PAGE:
Jesus came to fulfil the law of Moses (Matthew 5:17). A significant consequence of his coming is the fulfilment of God’s promise to Abraham that all nations would be blessed, without needing to attach themselves to the Jewish nation. Consequently, the need for national identity markers, such as food laws and circumcision, are no longer valid under the new covenant established by Jesus. This is foretold by Jesus in Mark 7:19 and by Paul in 1 Corinthians 7:19. The teaching of ritual cleanness is thereby abolished, along with animal sacrifices and food laws, because these symbolic markers have found their fulfilment in the life and death of Jesus, who is the way, the truth and the life.

That the Bible commands a diet of only ceremonially clean food at one stage of redemptive history and then abandons this requirement when Jesus comes to fulfil God’s purposes for humankind is not some form of contrariness, or worse, an inherent contradiction in the Bible’s teaching. Rather, it is part of God’s intended plan in preparing his people for the coming of the Messiah Jesus. The apostle Paul likens this transition to that of a minor coming of age (Galatians 4:1-7). It reflects the unfolding purposes of God’s plan through the distinctive ages of human existence.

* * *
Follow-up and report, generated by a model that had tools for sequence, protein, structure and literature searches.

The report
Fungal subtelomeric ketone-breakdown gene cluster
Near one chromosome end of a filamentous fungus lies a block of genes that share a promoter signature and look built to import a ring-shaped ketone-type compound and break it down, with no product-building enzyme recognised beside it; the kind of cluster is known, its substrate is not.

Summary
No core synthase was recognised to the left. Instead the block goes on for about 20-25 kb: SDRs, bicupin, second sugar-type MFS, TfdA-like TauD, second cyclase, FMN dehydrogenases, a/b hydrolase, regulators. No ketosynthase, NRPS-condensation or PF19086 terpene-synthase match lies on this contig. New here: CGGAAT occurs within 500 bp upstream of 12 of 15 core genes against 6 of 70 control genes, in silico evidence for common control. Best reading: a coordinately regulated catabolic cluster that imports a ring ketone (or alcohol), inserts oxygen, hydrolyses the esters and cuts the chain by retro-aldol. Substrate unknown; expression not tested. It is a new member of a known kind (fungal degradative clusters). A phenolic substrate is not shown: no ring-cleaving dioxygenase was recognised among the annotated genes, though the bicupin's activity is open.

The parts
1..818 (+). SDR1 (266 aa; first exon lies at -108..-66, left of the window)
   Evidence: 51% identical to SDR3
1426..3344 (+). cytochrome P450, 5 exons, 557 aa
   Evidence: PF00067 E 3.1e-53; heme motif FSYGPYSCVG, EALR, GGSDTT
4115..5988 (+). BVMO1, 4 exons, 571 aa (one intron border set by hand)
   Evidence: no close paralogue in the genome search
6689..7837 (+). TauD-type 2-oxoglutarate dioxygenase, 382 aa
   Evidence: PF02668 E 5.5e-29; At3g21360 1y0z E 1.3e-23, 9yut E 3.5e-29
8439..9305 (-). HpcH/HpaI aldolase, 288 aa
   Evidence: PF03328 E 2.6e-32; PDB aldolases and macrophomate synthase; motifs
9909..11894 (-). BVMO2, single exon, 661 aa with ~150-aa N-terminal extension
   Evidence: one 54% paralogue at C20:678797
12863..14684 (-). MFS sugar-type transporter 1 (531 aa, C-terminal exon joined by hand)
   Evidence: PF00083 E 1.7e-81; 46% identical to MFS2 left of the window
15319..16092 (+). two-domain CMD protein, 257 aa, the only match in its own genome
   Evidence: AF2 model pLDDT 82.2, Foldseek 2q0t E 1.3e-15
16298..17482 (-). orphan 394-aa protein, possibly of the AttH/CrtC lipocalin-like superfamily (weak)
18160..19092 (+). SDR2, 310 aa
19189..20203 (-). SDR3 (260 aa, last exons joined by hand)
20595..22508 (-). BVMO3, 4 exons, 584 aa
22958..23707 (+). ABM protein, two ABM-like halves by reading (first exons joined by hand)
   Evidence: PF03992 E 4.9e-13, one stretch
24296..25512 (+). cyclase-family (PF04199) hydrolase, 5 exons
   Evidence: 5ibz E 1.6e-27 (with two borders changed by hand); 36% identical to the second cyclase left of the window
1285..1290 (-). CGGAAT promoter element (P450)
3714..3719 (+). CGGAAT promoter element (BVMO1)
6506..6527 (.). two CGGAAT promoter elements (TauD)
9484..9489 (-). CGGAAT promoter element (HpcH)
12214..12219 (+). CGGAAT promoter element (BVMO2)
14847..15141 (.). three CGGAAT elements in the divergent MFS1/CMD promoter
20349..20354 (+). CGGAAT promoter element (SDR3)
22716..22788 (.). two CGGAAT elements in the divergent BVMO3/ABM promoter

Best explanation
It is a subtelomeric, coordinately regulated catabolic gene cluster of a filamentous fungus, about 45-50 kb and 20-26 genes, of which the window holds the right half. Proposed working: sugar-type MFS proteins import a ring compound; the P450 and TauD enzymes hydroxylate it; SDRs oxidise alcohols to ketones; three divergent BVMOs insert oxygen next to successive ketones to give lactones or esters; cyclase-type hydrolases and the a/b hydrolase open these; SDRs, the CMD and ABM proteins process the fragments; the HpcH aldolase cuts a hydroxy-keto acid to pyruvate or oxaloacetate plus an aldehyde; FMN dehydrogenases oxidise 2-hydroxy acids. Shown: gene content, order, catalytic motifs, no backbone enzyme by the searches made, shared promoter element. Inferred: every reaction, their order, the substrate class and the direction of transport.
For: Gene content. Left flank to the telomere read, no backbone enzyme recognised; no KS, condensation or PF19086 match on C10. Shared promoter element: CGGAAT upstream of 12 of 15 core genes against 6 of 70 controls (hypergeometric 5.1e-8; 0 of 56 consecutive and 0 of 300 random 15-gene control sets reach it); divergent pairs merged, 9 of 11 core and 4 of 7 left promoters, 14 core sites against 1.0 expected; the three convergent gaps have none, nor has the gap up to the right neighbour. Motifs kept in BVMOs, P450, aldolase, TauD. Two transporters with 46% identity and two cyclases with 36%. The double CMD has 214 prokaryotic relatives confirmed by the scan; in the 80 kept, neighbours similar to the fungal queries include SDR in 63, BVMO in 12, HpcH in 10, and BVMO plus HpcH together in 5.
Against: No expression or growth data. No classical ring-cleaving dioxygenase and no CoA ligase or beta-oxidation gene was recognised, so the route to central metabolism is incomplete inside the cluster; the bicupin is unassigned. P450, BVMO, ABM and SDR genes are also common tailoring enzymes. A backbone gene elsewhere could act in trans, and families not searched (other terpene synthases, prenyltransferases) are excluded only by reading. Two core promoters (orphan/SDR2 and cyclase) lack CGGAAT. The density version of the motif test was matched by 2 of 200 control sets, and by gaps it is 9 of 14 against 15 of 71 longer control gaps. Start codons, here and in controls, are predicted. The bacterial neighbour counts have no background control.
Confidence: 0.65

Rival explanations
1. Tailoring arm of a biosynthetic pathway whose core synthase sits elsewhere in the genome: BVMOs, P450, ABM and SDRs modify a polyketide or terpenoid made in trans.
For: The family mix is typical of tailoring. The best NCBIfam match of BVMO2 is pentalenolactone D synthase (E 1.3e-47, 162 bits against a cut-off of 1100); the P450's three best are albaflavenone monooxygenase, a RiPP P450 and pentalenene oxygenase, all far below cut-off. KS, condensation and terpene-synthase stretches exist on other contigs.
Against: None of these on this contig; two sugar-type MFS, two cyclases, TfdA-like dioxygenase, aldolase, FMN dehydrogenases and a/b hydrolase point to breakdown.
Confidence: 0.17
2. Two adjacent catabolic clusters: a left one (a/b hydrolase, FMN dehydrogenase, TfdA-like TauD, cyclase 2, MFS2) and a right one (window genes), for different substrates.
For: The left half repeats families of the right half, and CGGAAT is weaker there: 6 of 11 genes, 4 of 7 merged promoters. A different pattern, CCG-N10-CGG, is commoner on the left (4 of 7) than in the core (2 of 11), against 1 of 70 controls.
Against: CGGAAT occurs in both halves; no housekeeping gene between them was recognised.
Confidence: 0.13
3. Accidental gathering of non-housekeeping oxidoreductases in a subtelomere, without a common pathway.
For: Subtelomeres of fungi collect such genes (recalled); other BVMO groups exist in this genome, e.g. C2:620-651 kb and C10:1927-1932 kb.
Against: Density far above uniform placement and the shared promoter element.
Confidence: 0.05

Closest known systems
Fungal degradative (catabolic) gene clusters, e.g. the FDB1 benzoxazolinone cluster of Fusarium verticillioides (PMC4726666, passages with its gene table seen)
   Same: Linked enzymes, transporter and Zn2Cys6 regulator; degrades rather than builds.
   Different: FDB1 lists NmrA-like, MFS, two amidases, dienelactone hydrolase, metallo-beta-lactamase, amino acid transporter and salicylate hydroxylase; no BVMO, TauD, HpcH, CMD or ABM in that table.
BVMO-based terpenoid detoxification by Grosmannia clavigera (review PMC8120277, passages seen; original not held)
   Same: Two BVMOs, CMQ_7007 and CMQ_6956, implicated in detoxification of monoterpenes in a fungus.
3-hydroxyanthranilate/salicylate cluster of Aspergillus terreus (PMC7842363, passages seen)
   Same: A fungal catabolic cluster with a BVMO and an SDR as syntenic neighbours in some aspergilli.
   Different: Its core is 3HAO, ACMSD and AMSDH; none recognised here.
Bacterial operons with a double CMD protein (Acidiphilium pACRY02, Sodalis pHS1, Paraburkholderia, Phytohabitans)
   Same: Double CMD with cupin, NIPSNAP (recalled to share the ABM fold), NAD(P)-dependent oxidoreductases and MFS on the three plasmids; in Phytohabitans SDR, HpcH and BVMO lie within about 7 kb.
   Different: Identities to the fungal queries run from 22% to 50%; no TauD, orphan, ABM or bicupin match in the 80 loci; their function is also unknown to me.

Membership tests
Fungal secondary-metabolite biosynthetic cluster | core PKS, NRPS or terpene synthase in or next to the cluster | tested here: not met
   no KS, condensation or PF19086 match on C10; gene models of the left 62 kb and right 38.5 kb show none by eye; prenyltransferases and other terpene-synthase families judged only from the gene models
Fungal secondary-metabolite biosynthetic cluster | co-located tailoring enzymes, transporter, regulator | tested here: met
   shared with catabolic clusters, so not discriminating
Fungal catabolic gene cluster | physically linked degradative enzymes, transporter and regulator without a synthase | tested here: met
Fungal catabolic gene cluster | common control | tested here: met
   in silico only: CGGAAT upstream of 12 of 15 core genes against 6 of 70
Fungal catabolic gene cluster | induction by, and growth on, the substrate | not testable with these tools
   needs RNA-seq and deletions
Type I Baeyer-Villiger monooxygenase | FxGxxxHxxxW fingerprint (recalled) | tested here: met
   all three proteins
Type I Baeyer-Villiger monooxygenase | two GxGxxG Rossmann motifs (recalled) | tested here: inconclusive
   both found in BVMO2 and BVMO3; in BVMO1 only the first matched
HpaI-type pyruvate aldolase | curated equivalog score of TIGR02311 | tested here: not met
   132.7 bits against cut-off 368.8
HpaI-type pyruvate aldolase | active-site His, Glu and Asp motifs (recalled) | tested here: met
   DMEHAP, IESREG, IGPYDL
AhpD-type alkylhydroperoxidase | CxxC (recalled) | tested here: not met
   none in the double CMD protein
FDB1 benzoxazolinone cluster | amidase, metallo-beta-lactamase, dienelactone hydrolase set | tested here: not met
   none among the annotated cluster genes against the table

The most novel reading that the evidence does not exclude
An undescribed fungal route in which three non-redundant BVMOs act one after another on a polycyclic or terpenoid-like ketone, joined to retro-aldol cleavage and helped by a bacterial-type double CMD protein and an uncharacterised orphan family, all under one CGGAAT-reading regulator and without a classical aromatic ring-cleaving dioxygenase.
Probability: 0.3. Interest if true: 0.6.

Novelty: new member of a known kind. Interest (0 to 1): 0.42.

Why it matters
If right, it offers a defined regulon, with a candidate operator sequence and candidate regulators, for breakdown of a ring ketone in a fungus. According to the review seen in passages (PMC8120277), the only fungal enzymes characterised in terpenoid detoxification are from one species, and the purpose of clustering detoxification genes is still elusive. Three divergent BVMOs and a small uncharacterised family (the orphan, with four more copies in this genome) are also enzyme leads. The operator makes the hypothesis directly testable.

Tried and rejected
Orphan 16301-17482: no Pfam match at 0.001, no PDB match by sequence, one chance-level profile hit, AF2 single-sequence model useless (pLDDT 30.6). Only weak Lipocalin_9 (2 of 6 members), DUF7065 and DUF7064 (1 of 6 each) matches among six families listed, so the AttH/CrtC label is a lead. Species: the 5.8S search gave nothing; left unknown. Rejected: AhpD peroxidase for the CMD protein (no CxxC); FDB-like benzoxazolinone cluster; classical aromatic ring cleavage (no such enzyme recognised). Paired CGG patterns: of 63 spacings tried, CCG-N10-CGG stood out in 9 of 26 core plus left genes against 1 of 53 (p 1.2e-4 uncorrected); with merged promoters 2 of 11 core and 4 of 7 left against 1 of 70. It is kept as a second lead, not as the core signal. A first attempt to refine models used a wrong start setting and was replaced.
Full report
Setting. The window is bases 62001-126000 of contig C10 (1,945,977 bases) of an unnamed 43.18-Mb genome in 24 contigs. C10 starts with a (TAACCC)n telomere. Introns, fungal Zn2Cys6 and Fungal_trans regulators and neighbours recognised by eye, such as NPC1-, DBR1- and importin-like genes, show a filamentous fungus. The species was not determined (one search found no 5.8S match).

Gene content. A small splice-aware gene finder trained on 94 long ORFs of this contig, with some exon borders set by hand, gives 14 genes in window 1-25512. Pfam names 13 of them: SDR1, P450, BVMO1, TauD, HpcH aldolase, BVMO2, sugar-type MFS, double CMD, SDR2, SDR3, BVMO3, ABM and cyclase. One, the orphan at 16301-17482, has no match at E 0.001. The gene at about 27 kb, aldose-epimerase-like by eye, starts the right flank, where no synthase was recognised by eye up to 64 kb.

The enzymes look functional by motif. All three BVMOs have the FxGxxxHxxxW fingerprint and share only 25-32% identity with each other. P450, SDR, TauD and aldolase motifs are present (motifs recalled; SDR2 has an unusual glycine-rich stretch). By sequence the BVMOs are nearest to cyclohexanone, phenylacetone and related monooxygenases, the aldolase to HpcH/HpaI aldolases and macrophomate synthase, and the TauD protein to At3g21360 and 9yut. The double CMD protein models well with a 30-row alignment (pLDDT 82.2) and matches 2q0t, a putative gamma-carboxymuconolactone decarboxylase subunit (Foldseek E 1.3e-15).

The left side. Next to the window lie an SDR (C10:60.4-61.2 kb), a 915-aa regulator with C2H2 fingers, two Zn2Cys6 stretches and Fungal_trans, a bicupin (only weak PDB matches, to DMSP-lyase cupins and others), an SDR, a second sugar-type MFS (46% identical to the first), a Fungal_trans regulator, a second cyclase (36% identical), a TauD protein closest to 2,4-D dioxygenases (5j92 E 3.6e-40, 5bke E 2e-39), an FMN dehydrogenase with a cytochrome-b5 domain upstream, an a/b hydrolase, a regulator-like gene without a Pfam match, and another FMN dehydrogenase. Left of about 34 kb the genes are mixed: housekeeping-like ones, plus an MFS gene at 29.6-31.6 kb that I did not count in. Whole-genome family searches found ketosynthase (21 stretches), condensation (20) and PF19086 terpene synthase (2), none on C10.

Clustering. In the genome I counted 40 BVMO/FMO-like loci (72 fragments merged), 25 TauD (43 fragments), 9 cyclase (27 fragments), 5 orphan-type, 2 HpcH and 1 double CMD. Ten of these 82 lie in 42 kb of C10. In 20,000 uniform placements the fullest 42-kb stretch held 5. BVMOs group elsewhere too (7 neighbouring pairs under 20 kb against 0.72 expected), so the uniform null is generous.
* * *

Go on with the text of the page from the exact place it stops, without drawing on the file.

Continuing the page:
Therefore, it is a shallow approach to the Bible to mock the prohibition on the eating of shellfish (Leviticus 11:9-12) as if it still applied today, without understanding this temporary command within redemptive history and the explicit teaching of Jesus who has come to liberate us from such ceremonial and cultic behaviour which distinguishes between clean and unclean foods. Moreover, it is also a misguided approach to the Bible’s teaching to infer that because the form of ceremonial activity has changed, that the ethical imperative undergirding the ceremony has also changed. Not so! Jesus’s words in Mark 7:18-23 are as instructive to us today as they were to his first century hearers.